Blood Clot and Shoulder Replacement: Should I be Worried?

Short answer: NO.

Hopefully this will reassure you: 99.5% of shoulder replacement patients do NOT get a blood clot.

When you have a shoulder replacement with me, my goal is to minimize the risks associated with surgery. One of the risks I routinely mention to my patients is VTE, or venous thromboembolic disease, more commonly known as “blood clot.” Surgery combined with inactivity can increase the risk that blood will clot in the legs, or sometimes in arm after shoulder surgery. If that clot travels through the veins to the lungs, it is known as a pulmonary embolus, or PE. Although this complication is rare, it can be very serious and result in death if untreated.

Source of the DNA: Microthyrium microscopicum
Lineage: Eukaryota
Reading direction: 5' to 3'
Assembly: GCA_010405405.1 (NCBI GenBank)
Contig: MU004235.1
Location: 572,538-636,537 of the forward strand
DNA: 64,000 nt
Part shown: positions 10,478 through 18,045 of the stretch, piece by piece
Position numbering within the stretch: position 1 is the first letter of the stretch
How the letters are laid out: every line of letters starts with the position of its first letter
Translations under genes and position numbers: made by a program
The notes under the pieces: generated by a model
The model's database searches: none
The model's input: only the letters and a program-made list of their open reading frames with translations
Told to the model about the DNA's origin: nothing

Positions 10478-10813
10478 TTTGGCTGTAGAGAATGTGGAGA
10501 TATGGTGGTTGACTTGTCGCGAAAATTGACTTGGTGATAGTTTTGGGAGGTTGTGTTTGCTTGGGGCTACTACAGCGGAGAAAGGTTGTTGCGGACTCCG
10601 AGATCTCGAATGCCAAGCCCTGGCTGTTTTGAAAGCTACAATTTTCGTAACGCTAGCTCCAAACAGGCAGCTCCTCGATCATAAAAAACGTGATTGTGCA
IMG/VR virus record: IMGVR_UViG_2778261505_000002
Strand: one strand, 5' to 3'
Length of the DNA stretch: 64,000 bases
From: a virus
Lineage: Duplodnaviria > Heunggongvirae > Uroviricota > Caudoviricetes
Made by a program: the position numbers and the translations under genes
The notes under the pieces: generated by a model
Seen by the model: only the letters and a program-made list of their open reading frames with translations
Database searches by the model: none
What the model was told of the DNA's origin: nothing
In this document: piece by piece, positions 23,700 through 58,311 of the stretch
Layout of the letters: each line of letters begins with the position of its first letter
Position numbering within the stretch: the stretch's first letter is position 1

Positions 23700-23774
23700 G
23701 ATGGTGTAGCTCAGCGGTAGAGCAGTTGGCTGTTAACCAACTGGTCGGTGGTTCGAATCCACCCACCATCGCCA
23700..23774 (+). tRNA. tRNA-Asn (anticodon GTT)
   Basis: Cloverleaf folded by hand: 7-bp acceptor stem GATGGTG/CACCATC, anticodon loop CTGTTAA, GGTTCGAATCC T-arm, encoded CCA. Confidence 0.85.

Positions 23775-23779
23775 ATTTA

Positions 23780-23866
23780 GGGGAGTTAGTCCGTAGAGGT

The risk of “blood clot” after shoulder replacement is quite low.  A recent review found the rate of symptomatic VTE following shoulder arthroplasty was 0.41%-.51%.

You can reduce your risk with a few simple actions:

  • Start walking around the next day at the hospital .
  • Do simple exercises to move your ankles and feet while at rest.
  • Use compression socks or stockings.
  • Use compression devices called SCD’s in the hospital.
  • Take a baby aspirin (81 mg) daily to reduce risk.
  • Tell your doctor if you have had a blood clot in the past.

I will screen my patients for conditions that increase risk of blood clot, to ensure no additional measures are required. After shoulder replacement surgery, I recommend all of the above methods. I send my patients home on aspirin, unless they have already been on another blood thinner or have a contraindication to aspirin (reason they should not take aspirin).  I do not typically use stronger blood thinners, as their use must be balanced against the risk of bleeding complications.

Please be sure to mention if you have a strong history of blood clots after surgery or a medical condition that substantially increases your risk.

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